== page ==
At first, “Tanna”, one of the Best Foreign Language Film Oscar nominees of this year, strikes us with its exotic tropical world and the tribal communities inside that beautiful world. Shot entirely in the island of Tanna, Vanuatu, the movie gives us a vivid, intimate look into an old way of life which has been maintained for many centuries in the island, and it becomes more engaging as it unfolds a familiar but appealing story of two star-crossed lovers.
They are Dain (Mungau Dain) and Wawa (Marie Wawa), and it initially seems nothing can prevent the growing affection between them. They grow up together in the same tribe residing in one jungle area of the island, and we observe how they and their families and other members of the tribe go through their peaceful daily life together. It is implied that the time is around the late 20th century (As mentioned at the end of the movie, the movie is inspired by a real-life story which happened in 1987), but they stick to their traditional lifestyle as their ancestors did, and that means Dain’s grandfather, who is the chief of the tribe and has also taken care of Dain since the death of his parents, will decide whom Wawa will marry.
We get to know a bit about Wawa’s family. Her little sister Seline (Marceline Rofit) is a plucky girl with tendency toward mischief, and we get a funny moment when she attempts a silly prank on some boy and then literally goes too far to the dismay of her father. Her father decides that Seline really needs to grow up more, so he asks his father, who is the shaman of the tribe, to take his daughter to Mountain Yasur, an active volcano which is a holy place for many natives in the island.
When Seline goes to Mountain Yasur along with her grandfather, the movie dazzles us with a number of magnificent views of this volcano. The volcano towering over the characters in its gray barren landscape makes a striking contrast with the green ambience of the jungle area, and we cannot help but be awed like Seline while watching the volcano constantly spewing out flecks of lava from the red, fiery bottom of the crater. As Seline’s grandfather quietly imparts his spiritual belief to his granddaughter, it certainly feels like being closer to nature and, probably, God.
But then a bad thing happens. Two people from a neighboring tribe sneak upon them, and they attack Seline’s grandfather just because they believe he is responsible for a bad luck in their tribe. Fortunately, Seline’s grandfather survives despite his serious injury, but his tribe people are understandably agitated by this incident because this is not the first conflict with that neighboring tribe. In fact, that tribe was responsible for the death of Dain’s parents, and Dain surely wants retaliation like many other people in his tribe.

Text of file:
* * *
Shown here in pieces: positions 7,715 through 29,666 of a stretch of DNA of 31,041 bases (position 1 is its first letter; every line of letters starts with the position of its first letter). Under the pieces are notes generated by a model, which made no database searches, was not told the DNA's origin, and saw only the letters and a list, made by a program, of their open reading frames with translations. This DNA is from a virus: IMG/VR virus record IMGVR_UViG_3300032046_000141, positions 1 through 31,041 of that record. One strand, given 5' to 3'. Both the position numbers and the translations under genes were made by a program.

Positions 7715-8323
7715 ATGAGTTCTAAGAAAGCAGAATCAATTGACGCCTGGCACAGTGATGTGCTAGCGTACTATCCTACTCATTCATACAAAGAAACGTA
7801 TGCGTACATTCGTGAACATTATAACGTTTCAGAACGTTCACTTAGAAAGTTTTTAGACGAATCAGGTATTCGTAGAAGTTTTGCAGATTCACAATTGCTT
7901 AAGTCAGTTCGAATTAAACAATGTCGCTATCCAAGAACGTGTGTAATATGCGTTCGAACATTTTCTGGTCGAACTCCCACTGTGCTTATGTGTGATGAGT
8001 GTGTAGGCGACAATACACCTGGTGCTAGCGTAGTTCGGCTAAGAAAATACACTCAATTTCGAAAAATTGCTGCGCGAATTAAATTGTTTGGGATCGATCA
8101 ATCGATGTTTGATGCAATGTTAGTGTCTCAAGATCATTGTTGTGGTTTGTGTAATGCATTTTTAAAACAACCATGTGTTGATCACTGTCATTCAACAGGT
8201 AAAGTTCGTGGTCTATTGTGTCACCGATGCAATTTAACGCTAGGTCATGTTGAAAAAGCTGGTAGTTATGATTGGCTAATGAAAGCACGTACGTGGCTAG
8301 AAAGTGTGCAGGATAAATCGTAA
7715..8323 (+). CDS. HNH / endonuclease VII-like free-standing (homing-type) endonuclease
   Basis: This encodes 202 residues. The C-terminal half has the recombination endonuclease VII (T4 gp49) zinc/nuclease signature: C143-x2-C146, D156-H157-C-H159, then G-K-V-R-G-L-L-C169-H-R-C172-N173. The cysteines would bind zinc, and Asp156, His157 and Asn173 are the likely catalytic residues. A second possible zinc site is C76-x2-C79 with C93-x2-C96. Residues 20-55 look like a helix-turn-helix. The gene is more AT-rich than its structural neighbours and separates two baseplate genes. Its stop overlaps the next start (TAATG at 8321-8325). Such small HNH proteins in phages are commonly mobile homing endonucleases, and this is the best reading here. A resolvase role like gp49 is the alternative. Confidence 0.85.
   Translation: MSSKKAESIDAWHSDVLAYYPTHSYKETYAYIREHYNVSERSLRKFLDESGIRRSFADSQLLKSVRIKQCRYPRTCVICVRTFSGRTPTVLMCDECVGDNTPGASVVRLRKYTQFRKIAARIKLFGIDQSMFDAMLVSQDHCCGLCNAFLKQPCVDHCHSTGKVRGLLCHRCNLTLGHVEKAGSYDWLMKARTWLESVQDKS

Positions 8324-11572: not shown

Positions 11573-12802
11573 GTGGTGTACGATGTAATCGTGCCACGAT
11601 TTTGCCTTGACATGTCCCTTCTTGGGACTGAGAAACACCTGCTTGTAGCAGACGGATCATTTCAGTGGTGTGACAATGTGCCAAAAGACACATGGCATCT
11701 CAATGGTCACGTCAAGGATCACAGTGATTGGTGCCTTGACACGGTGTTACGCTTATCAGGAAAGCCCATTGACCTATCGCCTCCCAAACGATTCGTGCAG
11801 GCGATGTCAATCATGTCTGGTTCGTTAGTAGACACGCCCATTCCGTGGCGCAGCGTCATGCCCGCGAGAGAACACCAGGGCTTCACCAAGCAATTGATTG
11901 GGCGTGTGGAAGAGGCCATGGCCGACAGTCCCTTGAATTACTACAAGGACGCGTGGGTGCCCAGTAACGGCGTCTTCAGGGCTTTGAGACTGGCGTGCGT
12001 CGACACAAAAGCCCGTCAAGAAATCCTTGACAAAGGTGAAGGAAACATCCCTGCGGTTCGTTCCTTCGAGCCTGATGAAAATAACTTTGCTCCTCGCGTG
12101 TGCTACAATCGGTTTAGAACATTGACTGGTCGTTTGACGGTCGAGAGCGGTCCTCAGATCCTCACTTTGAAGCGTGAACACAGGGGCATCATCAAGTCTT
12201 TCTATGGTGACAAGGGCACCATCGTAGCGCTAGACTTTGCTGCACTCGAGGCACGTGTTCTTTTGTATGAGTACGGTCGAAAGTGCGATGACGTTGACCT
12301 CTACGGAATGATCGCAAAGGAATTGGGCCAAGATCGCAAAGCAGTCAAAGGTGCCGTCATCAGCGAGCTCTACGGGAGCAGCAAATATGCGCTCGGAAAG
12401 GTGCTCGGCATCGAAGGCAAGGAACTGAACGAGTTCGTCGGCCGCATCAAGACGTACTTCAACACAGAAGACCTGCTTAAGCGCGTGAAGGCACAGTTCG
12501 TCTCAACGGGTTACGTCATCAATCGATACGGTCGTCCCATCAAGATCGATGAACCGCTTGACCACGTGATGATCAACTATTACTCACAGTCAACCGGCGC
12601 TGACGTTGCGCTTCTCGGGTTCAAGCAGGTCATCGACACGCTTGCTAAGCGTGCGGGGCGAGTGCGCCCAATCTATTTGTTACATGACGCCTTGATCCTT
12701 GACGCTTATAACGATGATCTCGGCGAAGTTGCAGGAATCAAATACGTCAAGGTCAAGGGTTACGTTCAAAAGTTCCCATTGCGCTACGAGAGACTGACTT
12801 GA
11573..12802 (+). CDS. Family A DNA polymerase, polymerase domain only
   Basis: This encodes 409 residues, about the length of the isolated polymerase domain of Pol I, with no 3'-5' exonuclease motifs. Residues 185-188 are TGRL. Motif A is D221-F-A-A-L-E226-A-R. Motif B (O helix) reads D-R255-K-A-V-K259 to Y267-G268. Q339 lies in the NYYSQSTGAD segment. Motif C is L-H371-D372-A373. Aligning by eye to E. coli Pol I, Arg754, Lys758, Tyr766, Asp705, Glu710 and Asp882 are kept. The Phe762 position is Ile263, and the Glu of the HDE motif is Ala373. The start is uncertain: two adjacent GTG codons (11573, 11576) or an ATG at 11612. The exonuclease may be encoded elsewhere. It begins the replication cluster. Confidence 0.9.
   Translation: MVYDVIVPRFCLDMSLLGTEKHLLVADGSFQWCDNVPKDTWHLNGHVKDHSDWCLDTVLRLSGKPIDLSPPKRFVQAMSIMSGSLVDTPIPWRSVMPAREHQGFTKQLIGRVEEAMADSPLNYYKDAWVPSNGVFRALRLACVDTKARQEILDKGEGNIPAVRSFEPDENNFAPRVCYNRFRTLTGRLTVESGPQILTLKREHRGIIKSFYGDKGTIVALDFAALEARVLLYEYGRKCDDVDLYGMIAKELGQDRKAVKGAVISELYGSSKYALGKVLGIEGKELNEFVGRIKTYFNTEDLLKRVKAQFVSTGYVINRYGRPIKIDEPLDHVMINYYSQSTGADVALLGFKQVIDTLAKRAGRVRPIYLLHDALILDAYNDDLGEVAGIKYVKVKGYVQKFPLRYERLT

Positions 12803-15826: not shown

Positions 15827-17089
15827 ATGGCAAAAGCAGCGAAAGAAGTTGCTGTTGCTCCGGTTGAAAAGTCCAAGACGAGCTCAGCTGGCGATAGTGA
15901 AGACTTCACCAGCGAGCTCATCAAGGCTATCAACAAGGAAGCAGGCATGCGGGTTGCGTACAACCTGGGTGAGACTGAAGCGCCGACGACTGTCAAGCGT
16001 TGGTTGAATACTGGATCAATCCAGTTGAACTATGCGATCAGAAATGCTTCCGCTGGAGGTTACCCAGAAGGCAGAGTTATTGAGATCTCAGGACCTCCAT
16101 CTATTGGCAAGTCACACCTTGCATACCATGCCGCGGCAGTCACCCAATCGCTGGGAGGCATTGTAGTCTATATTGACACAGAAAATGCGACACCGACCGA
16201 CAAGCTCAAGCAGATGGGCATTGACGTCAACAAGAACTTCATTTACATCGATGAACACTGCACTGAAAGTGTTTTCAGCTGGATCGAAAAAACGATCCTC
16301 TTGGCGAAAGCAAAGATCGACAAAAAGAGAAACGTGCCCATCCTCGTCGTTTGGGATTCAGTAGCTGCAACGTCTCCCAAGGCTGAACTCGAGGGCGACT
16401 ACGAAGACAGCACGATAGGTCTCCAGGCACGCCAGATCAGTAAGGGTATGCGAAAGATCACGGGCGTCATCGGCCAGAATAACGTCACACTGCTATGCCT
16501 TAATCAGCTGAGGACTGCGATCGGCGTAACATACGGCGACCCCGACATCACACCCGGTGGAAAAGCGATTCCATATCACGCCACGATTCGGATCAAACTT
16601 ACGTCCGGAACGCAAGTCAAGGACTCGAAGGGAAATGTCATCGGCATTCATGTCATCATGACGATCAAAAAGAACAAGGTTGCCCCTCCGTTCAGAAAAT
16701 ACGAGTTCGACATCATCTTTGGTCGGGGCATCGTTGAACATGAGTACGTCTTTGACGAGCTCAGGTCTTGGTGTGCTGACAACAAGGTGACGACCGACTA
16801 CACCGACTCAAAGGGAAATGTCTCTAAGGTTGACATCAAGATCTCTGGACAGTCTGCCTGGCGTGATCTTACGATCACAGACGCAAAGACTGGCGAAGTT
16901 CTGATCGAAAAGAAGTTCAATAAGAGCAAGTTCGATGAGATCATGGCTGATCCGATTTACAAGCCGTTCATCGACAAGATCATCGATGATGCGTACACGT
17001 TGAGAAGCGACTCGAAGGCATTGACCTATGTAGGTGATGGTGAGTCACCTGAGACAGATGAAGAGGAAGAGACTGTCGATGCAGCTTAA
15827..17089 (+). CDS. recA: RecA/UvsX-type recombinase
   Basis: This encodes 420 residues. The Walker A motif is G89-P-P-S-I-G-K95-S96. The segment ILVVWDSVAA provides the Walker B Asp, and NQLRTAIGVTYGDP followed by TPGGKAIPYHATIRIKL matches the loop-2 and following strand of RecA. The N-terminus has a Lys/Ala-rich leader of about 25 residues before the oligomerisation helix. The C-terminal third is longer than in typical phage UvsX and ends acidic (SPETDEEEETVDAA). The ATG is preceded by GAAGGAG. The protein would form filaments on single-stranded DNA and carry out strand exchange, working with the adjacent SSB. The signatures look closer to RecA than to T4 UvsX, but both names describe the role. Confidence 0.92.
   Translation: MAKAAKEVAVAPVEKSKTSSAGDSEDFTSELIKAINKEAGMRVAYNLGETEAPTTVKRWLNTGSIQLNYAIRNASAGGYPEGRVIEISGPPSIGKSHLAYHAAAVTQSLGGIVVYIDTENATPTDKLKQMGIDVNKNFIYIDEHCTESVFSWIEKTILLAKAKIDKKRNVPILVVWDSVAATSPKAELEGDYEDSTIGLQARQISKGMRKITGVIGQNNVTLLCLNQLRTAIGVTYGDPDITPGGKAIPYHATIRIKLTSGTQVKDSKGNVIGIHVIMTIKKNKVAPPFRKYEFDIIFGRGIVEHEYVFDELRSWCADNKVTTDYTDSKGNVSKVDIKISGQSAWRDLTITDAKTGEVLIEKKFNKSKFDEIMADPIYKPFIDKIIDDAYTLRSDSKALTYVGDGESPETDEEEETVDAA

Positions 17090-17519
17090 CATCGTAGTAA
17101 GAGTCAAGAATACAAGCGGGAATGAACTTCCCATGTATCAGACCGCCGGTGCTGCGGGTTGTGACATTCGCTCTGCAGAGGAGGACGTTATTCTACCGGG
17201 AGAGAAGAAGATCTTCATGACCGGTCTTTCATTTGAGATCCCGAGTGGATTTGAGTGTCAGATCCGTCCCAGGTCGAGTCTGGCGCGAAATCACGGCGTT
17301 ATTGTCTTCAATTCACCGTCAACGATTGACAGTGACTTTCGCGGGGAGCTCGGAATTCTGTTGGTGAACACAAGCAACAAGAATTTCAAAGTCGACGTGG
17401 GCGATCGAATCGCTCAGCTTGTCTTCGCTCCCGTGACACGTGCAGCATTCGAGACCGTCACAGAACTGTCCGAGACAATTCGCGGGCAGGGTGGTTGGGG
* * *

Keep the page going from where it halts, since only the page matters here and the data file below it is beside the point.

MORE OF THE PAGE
As a wise old man, Dain’s grandfather does not want any more violence, so he chooses a more civilized way to resolve the situation. He holds a joint meeting with not only that neighboring tribe but also other tribes in the island, and it is decided during this meeting that Wawa should be given as a bride as a part of the peace negotiation.
Naturally, Dain and Wawa are not so pleased about this. In their view, they must follow what their hearts desire, and the movie emphasizes with them as watching them more attached to each other despite their impossible circumstance, but the movie also understands the position of other characters around Dain and Wawa. They certainly know well how much Dain and Wawa love each other, but Dain and Wawa’s happiness can cause another conflict, and that is the last thing they want.
The situation becomes more tense when Dain and Wawa eventually run away together and then are pursued by not only their own people but also several members of that neighboring tribe. The movie maintains its relaxed narrative pace even at that point, and we see the other interesting parts of the island as Dain and Wawa wander around the island for finding any safe shelter for them. At one point, they come into a Christian community which relatively looks modernized compared to their tribe, and that leads to one of the most amusing moments in the film.
The co-directors Martin Butler and Bentley Dean, who won the International Critics’ Week Award at the 2015 Venice International Film Festival (Dean also received the Feodora award for his terrific cinematography), did a competent job of establishing the authentic sense of places and people via their documentary-like approach, and they also draw good natural performances from their non-professional cast members. I heard that the performers in the film simply played the fictional version of themselves in front of the camera, but they feel real and convincing on the screen, and their earnest acting fits well to the simple narrative of the movie.
Overall, “Tanna” is a small arthouse film which distinguishes itself with distinctive local personality mixed with palpable realism. They are a lot different from us in many ways, but we come to see their universal human matters as getting to know about their specific world, and we are touched by their modest but poignant drama. In my inconsequential opinion, that is what a good movie can do for us.